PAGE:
by Jonathan Leake

Science Editor

from Rense Website

When the end of the world comes, we'll know what to blame. Scientists have found compelling evidence that the Sun has a baby brother, a dark star whose eccentric orbit is responsible for periodically showering the Earth with comets and meteorites.

The dark star - named Nemesis by astronomers - is thought to be a "brown dwarf" that spins round the Sun in an orbit so large it is measured in light years, the distance light travels in a year, equivalent to about 6,000 billion miles.

The research suggests that, every 26m years, the star's eccentric orbit brings it within one light year of the solar system. There it causes havoc in the Oort Cloud, a huge region surrounding the solar system that contains billions of bits of cosmic rubble left over from the formation of planets.

Of the millions of rocks it throws out of orbit at each visit, some hurtle Earthwards - and have several times nearly wiped out life on Earth.

Astronomers have long wondered if the Sun has a smaller partner. Recently, two independent groups of researchers have found evidence of one.

One group, led by John Matese, professor of physics at the University of Louisiana at Lafayette, confirms the notion that it is most likely to be a brown dwarf, a star that never accumulated enough mass to ignite and which has simply sat in space smoldering for billions of years.

Matese studied 82 comets from the Oort Cloud and found common elements in the shape of their orbits that could only be explained if they had been influenced by the gravitational pull of an object several times the size of Jupiter and existing about 25,000 times farther from the Sun than the Earth.

Matese said:

"A companion to the Sun orbiting at these distances would have little effect on the planets. But it would play a big role in the way comets 'made their way' from their birth places in the planetary disc out to the Oort Cloud and on how they can return to the inner solar system."

Further research was published last week by Richard Muller, professor of physics at the University of California, Berkeley, following analyses of moon rock samples brought back to Earth by Apollo 14.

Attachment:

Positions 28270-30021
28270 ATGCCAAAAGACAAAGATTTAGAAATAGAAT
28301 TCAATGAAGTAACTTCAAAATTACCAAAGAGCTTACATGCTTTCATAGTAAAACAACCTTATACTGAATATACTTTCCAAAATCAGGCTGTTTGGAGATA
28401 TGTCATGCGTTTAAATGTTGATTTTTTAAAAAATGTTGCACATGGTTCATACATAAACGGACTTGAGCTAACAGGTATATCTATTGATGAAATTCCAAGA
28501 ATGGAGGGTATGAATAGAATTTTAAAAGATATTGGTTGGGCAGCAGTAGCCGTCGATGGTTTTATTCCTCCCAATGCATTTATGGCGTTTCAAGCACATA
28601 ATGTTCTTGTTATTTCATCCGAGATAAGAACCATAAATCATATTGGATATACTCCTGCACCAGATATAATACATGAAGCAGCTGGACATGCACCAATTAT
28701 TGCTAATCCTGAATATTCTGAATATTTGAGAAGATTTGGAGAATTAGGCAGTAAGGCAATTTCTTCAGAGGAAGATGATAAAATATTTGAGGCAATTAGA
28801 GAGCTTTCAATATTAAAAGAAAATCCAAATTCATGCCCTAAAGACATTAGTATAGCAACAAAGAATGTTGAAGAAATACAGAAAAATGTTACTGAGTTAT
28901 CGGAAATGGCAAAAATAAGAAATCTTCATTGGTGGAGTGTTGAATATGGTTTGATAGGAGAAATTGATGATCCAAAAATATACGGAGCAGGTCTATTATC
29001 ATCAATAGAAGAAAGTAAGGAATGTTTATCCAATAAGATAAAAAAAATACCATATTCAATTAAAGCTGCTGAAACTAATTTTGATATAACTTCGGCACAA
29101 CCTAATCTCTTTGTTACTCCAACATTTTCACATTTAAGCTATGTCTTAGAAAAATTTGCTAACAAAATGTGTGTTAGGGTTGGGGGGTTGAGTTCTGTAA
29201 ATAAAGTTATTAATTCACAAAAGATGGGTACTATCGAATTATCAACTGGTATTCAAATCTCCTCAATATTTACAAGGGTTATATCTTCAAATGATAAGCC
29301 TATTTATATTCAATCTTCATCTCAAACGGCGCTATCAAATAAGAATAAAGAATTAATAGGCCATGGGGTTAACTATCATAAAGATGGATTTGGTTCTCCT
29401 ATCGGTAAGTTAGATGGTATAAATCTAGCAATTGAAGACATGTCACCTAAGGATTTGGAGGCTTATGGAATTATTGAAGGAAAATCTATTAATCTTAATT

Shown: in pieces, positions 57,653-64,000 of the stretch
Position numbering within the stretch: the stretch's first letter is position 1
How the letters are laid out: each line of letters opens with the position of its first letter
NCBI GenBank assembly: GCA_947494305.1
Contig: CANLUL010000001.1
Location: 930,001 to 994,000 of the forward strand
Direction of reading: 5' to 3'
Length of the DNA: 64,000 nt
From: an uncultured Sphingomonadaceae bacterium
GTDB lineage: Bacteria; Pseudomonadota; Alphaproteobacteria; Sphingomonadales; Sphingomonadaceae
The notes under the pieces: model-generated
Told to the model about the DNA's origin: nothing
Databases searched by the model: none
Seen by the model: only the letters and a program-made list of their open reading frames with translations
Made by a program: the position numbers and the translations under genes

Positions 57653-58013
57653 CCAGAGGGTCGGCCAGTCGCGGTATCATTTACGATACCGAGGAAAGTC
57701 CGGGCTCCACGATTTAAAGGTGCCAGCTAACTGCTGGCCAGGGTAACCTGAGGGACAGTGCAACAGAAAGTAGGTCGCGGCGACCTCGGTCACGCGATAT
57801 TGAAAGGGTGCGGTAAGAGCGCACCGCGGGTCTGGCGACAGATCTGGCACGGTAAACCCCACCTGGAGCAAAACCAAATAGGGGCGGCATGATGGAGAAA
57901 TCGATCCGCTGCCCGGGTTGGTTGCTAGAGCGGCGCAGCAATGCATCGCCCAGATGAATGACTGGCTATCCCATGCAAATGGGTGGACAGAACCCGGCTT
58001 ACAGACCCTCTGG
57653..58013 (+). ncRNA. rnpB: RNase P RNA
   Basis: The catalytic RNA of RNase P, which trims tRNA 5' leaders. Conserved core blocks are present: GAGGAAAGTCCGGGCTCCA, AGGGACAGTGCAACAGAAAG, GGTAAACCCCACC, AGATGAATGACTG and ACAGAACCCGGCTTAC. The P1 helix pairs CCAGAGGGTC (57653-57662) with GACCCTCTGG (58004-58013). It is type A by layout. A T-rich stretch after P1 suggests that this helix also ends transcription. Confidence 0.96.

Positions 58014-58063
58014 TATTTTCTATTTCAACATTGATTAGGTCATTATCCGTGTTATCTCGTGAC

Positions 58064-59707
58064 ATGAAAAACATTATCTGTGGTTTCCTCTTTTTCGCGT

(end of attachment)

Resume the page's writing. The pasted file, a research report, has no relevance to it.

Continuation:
The absence of a protective atmosphere means the moon has been subjected to intense bombardment in its 4.5 billion- year existence.

Muller's breakthrough was to find a way to date how long ago any particle was melted - meaning he could build up a picture of whether the moon gets a constant barrage or suffers spells of intense bombardment.

He said:

"The evidence clearly shows that the moon has gone through spells of relatively frequent impacts and others of reduced intensity. I believe it is likely that this is because the Oort Cloud is being disturbed by a massive body that is throwing comets out of stable orbits, a small fraction of which could reach the Earth."

Muller and others believe that the dark star probably takes about 26m years to complete an orbit around the sun.

Other scientists have already noted that mass extinctions of life on Earth seem to occur in a pattern with gaps equivalent to multiples of 26m, suggesting some regular event is causing the comets to come Earth's way.

The best-known such event was the one that wiped out the dinosaurs 65m years ago, but that was not the worst; the planet has suffered several such large mass extinctions.

Astronomers have found the first Earth-sized planet orbiting another star. The discovery raises the chances of finding planets that could support life as we know it.